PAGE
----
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November 16, 2020 3 min read

The 3.6B plastic toothbrushes used worldwide each year are a major contributor to the enormous amount of plastic in our oceans and in the ground. The main reason toothbrushes are causing so much environmental damage is because there is still no easy way for people to recycle them at home.

Most of us recognise the need for more individual responsibility in recycling, but try to put toothbrushes in your regular household recycling bin and they will simply be rejected. With millions of tonnes of plastic entering the environment every year, transforming the economy in a sustainable way has become an absolute necessity. So how can it be so difficult to responsibly dispose of a plastic item that we all use every day? Read on to find out, and to learn how you can ensure your toothbrush doesn’t end up in landfill.

Impossible-to-separate components

While the materials used to manufacture most plastic toothbrushes can be recycled in their own right, problems arise when they are combined. A brush’s components need to be sturdy and remain in their place under the stress that twice-daily use puts them. Unfortunately for the environment, this makes it extremely difficult to separate all the different materials.

Brush handles are typically made from injection-moulded plastics like polypropylene and bristles from plastics like nylon (or polyester in the case of Floe’s specialist Curaprox brushes). Add in unnecessary components such as rubber grips, and we can see how toothbrushes are a mix of various composite materials.

With most standard recycling facilities lacking the ability to properly deconstruct toothbrushes, the sad alternative for most people is to put them in regular household waste. And the same problem is true of many toothpaste tubes and floss containers - which themselves are made of a mix of plastics that are tricky to separate.

Are alternative material brushes the way forward?

Yes and no. Unlike plastic, less conventional toothbrush materials such as bamboo or wood can degrade in the environment, but in most cases the bristles are still made of a plastic like nylon. Chances are, it’ll be just as difficult to separate the plastic from the non-plastic, meaning wood or bamboo brushes aren’t as environmentally friendly as you’d think.

In the case of brushes with non-plastic bristles, for instance those made from boar hair (yes, really!), other problems exist:

  • They are rougher and sharper. This makes them potentially more damaging to our gums.

  • There are fewer bristles. A wood or bamboo toothbrush head can’t accommodate as many bristles as a plastic one without cracking. Fewer bristles means reduced cleaning coverage.

  • They can harbour bacteria. Plastic tends to be pretty bacteria resistant, but most bristles made from natural materials won’t be. Much more care has to be taken in cleaning and storing these brushes.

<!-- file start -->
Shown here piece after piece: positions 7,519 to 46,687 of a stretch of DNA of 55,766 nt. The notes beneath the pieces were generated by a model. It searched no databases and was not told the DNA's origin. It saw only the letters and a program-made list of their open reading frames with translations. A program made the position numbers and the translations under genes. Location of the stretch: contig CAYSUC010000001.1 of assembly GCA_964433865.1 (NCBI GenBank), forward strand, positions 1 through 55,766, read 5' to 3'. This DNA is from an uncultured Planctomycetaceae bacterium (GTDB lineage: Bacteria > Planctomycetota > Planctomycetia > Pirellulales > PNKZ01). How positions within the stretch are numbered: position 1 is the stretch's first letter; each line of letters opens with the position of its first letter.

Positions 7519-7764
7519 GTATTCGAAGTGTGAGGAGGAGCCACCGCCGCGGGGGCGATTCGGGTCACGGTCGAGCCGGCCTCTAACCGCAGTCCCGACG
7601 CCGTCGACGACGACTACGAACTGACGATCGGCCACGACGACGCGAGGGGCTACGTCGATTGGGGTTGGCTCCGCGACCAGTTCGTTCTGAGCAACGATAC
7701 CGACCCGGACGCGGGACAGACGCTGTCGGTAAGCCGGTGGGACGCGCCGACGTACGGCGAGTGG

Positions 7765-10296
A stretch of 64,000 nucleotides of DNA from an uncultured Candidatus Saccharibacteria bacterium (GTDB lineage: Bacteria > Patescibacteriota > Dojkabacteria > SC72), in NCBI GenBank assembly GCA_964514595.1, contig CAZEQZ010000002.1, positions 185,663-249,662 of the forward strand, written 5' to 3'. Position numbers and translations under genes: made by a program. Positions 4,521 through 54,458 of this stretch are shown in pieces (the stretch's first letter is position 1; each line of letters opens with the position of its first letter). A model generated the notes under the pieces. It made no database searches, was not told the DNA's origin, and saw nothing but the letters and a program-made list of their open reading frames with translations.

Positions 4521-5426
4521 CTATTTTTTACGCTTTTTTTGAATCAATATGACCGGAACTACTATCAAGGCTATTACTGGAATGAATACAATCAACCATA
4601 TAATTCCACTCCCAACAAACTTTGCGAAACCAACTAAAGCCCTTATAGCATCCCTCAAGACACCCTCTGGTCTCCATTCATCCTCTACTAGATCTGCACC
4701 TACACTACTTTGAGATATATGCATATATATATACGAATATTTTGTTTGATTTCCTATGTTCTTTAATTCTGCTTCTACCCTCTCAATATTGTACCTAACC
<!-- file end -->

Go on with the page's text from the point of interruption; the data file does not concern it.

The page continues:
• They aren’t vegan. Non-plastic bristles are usually made from animal products like the aforementioned boar hair. For people concerned with sustainability, this can be off putting.

The reason toothbrushes have been made from plastic for so long is simply that they work best. Soft plastic bristles are kind to our mouth, remove more plaque and stay clean more easily. More sustainable-sounding alternatives often can’t match this and in many cases still end up polluting the environment.

A sustainable solution with Floe

If the answer isn’t switching to a toothbrush made of different materials, it’s finding a way to recycle your plastic brush outside the confines of household recycling. Floe will do this for you.

Our Curaprox brushes are made of a simple polypropylene handle and head, with 5460 polyester bristles for incredible cleaning power. What makes Floe different is our commitment to sustainable products that can be recycled simply, meaning nothing we send you has to end up in landfill:

  • We take your brush away. Every time we deliver your new subscription box, we’ll collect your old brush and send it off to our specialist recycling partners. Unlike most recycling plants, they have the machinery to correctly recycle toothbrushes.

  • Our toothpaste tubes are made from natural materials. The tubes that contain our unique Dawn and Dusk pastes are made from sugarcane biopolymers rather than the more standard petroleum. Sugarcane removes CO2 from the atmosphere as it grows, providing a net benefit to the planet.

  • Reusable floss containers. Our biodegradable & vegan-friendly bamboo charcoal fibres are delivered in a glass jar - and are the perfect flossing material for removing plaque.

A subscription to Floe is a ticket to a better oral care routine and a guarantee of sustainability. Because we’re just as passionate about being kind to the planet as we are improving your oral health.